wiki:Developer/Eclipse/Information

Version 6 (modified by Sh, on Dec 22, 2008 at 7:48:16 PM) (diff)

Update to current development status

RTEMS Eclipse Information

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Introduction

RTEMS is a free real-time operating system that must compete against commercial closed source offerings that have very impressive looking GUI oriented Development Environments. The RTEMS Project has spent years honing RTEMS and tuning it to be a competitive run-time and it certainly the technical capabilities to compete. But often RTEMS gets dinged for not having a "pretty face". Projects in this category address that deficiency.

Eclipse is an open source Integrated Development Environment (IDE) which has become very popular in the real-time embedded systems community. For RTEMS to continue to compare favorably against its commercial proprietary competition, Eclipse support is an important feature. Eclipse has a plug-in architecture and there are already multiple plug-ins and add-ons for embedded development.

This is a very open ended project which has a number of steps based upon subprojects or plugins which need to be made available to RTEMS developers.

See Embedded and Device Development as a reference.

Since RTEMS has multiple targets, this project would focus on getting Eclipse working nicely with multiple targets. There are over half a dozen simulators which are capable of supporting a multithreaded RTEMS application and a few of those simulate target hardware with networking capabilities. There are existing RTEMS BSPs that run on simulators so the person(s) working on this project would not require special target hardware or anything that costs to verify that their implementation works with multiple hardware configurations.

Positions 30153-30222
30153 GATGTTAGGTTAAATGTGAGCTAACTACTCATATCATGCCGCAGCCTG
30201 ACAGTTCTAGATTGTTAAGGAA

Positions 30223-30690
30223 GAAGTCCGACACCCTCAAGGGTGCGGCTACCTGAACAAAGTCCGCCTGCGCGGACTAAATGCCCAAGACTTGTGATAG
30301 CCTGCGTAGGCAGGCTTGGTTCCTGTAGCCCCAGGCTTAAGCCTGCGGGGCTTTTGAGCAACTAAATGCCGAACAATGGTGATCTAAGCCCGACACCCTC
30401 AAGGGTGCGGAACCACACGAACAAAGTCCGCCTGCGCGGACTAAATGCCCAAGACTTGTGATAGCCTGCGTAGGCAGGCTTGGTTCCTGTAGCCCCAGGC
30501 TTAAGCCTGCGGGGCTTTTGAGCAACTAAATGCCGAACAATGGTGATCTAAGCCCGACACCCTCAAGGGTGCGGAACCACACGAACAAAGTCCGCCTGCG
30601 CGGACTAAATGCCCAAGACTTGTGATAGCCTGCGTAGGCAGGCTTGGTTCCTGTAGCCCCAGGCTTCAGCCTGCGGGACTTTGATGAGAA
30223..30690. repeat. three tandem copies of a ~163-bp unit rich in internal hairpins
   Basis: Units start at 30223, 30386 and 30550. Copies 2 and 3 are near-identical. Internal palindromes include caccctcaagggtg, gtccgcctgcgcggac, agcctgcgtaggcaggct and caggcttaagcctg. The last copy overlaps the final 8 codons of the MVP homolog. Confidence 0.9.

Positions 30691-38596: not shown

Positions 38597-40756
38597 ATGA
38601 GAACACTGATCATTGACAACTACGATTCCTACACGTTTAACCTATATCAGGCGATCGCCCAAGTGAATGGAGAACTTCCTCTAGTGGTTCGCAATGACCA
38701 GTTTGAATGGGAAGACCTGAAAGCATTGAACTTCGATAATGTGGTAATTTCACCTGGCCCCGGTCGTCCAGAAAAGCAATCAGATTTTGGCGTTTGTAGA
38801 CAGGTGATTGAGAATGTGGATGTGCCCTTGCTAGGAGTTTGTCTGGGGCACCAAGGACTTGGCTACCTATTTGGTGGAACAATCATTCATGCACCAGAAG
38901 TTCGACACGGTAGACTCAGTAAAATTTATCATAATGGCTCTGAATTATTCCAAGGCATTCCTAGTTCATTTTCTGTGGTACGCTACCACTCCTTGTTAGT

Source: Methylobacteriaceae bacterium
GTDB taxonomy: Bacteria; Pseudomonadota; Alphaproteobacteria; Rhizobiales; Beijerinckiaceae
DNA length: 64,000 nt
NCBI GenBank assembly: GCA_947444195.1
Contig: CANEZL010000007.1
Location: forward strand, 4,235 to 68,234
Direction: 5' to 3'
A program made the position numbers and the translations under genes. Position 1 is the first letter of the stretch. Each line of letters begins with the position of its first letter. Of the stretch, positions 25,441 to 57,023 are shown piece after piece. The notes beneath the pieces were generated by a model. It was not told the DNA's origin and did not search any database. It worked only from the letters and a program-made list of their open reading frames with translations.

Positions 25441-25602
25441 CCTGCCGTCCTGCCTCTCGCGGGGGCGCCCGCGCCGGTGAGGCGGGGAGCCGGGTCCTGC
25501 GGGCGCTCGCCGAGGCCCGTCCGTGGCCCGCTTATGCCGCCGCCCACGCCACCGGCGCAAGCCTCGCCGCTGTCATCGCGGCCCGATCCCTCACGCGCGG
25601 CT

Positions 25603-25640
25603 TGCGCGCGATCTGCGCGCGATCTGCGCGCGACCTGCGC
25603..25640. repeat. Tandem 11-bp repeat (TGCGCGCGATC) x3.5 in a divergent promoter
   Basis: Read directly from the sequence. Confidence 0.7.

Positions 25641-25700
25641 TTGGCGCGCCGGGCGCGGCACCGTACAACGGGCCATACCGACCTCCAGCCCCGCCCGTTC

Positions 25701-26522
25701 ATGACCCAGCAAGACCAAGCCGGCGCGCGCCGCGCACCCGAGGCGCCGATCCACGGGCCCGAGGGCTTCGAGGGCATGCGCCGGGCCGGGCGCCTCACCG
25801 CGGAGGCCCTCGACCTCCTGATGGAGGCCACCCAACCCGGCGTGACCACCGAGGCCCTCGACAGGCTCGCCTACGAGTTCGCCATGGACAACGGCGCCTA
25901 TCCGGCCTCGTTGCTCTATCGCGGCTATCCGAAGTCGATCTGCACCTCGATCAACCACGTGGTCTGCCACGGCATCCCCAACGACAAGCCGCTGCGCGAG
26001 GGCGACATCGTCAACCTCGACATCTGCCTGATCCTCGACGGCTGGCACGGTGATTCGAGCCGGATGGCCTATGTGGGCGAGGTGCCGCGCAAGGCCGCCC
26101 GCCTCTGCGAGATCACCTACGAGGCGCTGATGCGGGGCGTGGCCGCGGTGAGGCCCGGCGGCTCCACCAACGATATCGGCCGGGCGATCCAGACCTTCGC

GNU Debugger Integration

This can be accomplished using the Zylin Embedded CDT plugin. There may be other RTEMS specific items that could enhance the debugger interface in Eclipse. Perhaps when using CEXP and the RTEMS GDB stub, you can build a module and click a button to download it to the target? CDT also supports the GDB.

Interaction with the Target System

There are Eclipse plug-ins that provide serial terminal emulation, Telnet, and FTP connections to the remote target. Using these would provide a more integrated RTEMS development/debug environment. This functionality is currently provided by the Eclipse Remote Systems Explorer (RSE) plugin.

Integration Eclipse Device Software Development Platform

The Eclipse DSDP is an effort to use eclipse as a standard way of developing, debugging and otherwise interacting with embedded devices.

There are many sub-projects in there, but some of the interesting ones are: Device Debugging and Target management.

One of the interesting aspects of this is how Wind River has adopted Eclipse as the platform for vxWorks and Embedded Linux development. It appears that they are putting significant effort into contributing code back to the DSDP platform and trying to help create open standards for this type of development environment. It would be nice if this work ends up meaning that an Eclipse platform could talk to a target server on either vxWorks, Linux or RTEMS.